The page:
Middle and high school students from across Tennessee were challenged to produce three-minute videos addressing the statement "There ought to be a law..." The contest asked students to identify an issue affecting their communities and either propose a new law or suggest taking one off the books to address the situation.
Students created videos addressing a range of topics, including environmental protection, public safety, civil rights and educational policy. The top videos not only addressed issues needing solutions, but also examined the costs and benefits of the proposal and identified possible allies or opponents of the legislation.
The top three winners in each age group will receive cash awards. The first place winners in each age division also have been invited to attend the TBA's Annual Meeting in Gatlinburg on June 13 and have their winning videos shown to leaders of the states legal community.
Middle school winners are as follows:
First place goes to Jack Tucker of Signal Mountain, who will receive a cash prize of $500 for his video "A Four Day School Week."
Second place goes to Alyssa Neuhoff of Signal Mountain, who will receive a cash prize of $300 for her video "An Idea That Could Save a Life: Bicycle Helmets."
Third place goes to Thomas Hill from Christ the King School in Nashville, who will receive a cash prize of $200 for his video "Access to Justice."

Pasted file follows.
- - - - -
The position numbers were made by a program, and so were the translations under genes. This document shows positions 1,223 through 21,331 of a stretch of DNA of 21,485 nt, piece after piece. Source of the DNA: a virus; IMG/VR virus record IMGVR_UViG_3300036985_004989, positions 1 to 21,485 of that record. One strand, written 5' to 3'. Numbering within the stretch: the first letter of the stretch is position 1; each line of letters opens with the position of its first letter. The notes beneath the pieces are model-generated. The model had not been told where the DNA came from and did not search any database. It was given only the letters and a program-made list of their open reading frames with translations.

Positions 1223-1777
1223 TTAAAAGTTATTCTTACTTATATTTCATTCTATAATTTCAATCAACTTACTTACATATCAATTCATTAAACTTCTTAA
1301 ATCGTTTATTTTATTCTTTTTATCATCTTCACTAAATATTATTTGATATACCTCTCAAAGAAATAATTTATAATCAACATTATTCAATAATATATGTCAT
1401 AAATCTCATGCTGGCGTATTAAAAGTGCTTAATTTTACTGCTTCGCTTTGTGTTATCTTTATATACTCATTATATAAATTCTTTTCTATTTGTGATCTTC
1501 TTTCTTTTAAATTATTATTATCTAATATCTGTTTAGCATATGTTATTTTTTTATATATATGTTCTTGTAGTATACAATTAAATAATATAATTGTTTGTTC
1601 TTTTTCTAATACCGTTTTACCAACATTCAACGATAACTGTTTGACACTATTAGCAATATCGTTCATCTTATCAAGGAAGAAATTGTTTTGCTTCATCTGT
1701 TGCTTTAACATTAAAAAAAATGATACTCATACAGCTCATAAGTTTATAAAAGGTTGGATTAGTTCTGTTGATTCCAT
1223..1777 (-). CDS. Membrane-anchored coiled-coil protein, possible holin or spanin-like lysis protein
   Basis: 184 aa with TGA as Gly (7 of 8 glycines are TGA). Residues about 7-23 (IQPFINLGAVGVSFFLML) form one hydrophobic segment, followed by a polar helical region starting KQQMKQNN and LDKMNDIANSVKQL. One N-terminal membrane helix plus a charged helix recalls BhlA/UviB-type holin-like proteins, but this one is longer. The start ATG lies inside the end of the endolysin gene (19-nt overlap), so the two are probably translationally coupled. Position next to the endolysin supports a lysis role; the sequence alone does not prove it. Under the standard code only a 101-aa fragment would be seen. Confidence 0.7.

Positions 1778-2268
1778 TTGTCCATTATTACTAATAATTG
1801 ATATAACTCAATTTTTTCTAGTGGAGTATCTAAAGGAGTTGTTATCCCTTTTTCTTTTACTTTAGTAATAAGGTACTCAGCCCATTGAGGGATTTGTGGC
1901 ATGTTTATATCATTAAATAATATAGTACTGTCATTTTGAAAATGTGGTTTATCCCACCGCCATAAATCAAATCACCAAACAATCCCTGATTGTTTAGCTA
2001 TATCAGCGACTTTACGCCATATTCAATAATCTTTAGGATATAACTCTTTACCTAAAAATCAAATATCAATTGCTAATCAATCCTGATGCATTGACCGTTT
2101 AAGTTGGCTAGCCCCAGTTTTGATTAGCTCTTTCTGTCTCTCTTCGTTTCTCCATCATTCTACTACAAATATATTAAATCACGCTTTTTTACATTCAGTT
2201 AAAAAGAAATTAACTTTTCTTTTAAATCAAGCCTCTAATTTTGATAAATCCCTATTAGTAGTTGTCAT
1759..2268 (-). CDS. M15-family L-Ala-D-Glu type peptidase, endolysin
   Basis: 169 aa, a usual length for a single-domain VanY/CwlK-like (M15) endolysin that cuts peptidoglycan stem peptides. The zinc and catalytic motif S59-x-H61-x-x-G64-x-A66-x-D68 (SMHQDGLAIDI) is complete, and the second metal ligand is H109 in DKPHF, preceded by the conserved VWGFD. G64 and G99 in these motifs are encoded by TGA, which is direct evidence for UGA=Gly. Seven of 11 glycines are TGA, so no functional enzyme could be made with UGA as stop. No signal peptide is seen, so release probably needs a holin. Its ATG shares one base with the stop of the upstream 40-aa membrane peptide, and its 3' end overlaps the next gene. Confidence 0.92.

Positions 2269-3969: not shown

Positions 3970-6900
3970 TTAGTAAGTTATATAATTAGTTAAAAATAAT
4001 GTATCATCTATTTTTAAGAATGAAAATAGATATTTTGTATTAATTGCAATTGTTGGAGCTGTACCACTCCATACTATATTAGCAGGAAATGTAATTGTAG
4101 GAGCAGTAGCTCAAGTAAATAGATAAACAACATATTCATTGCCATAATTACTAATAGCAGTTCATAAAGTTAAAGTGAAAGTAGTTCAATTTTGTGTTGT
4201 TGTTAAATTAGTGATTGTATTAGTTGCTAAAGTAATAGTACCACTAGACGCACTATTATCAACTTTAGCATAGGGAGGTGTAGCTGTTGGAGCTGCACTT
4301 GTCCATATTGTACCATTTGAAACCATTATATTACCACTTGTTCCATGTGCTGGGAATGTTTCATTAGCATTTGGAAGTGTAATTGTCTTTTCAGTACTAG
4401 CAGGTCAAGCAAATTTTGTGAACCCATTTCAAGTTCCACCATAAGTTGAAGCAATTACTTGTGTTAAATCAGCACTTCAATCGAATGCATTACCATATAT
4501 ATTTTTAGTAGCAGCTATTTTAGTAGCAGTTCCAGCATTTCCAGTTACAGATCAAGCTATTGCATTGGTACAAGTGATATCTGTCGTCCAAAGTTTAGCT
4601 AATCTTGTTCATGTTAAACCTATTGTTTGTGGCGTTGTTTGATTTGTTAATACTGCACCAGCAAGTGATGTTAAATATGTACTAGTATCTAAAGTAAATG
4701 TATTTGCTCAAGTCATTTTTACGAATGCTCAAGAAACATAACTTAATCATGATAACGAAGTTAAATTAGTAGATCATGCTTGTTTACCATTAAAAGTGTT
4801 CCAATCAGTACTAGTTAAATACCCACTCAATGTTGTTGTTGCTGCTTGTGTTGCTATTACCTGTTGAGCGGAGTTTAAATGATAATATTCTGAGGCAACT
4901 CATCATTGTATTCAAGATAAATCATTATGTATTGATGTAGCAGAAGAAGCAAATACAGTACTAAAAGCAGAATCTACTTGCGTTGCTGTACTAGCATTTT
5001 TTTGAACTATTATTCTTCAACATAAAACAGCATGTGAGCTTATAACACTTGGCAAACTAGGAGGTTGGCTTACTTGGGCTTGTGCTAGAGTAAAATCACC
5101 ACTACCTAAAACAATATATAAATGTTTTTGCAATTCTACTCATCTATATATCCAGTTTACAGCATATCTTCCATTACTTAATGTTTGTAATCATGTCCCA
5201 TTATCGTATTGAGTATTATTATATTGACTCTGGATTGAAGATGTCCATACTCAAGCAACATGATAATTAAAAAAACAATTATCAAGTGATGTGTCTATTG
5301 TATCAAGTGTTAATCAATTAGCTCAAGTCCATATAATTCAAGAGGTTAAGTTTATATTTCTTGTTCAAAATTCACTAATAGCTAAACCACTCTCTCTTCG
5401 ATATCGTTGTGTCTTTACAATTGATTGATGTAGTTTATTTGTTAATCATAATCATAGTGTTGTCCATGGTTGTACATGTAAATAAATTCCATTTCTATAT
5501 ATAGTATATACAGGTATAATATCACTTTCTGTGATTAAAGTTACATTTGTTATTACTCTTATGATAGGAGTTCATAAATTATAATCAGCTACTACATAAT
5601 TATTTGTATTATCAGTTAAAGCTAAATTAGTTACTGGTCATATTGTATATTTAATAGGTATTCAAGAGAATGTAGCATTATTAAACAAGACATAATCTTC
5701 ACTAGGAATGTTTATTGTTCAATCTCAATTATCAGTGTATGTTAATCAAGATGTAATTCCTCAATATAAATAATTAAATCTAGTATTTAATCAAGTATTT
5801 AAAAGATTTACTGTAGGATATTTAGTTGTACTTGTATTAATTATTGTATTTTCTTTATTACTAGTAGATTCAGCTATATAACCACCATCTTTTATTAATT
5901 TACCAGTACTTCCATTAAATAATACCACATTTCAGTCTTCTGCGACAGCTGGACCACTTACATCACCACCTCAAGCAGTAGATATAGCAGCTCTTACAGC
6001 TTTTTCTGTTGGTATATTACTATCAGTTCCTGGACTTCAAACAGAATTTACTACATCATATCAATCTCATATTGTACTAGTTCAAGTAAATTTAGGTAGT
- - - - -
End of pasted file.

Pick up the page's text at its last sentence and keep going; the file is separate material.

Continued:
An honorable mention also was awarded to a group from the Southside Elementary School Studio in Lebanon.
High school winners are as follows:
First place goes to Caroline Rogers from Knoxville for her video "Ban Mountaintop Removal." Rogers will receive a cash prize of $500 for her winning video.
Second place goes to Lindsey Callis of Jackson, who was sponsored by Southside High School. She will receive a cash prize of $300 for her video "The W.E.E. Pact Furthering the Tennessee Promise."
Third place goes to Olivia Ellis of Bristol, who wins a cash prize of $200 for her video "WiFi Law."
An honorable mention also was awarded to Joseph Igoni, Faith Brown and Daniella Fisher from Lausanne Collegiate School in Memphis.
All winning videos are available on the TBA YouTube page.
The YouTube Contest was created in 2010 to generate knowledge and interest in the law and the American judicial system among Tennessee students. It was the primary public service project of then-TBA President Sam Elliott, who made civics education a focus of his year in office. The first contest winners were named in 2011. The 2011 competition focused on Tennessee's history of law and liberty. The 2012 competition focused on the constitutional right of freedom of communication. The 2013 competition asked students to explore the importance of a fair and impartial judiciary.
See the 2011 winners
See the 2012 winners
See the 2013 winners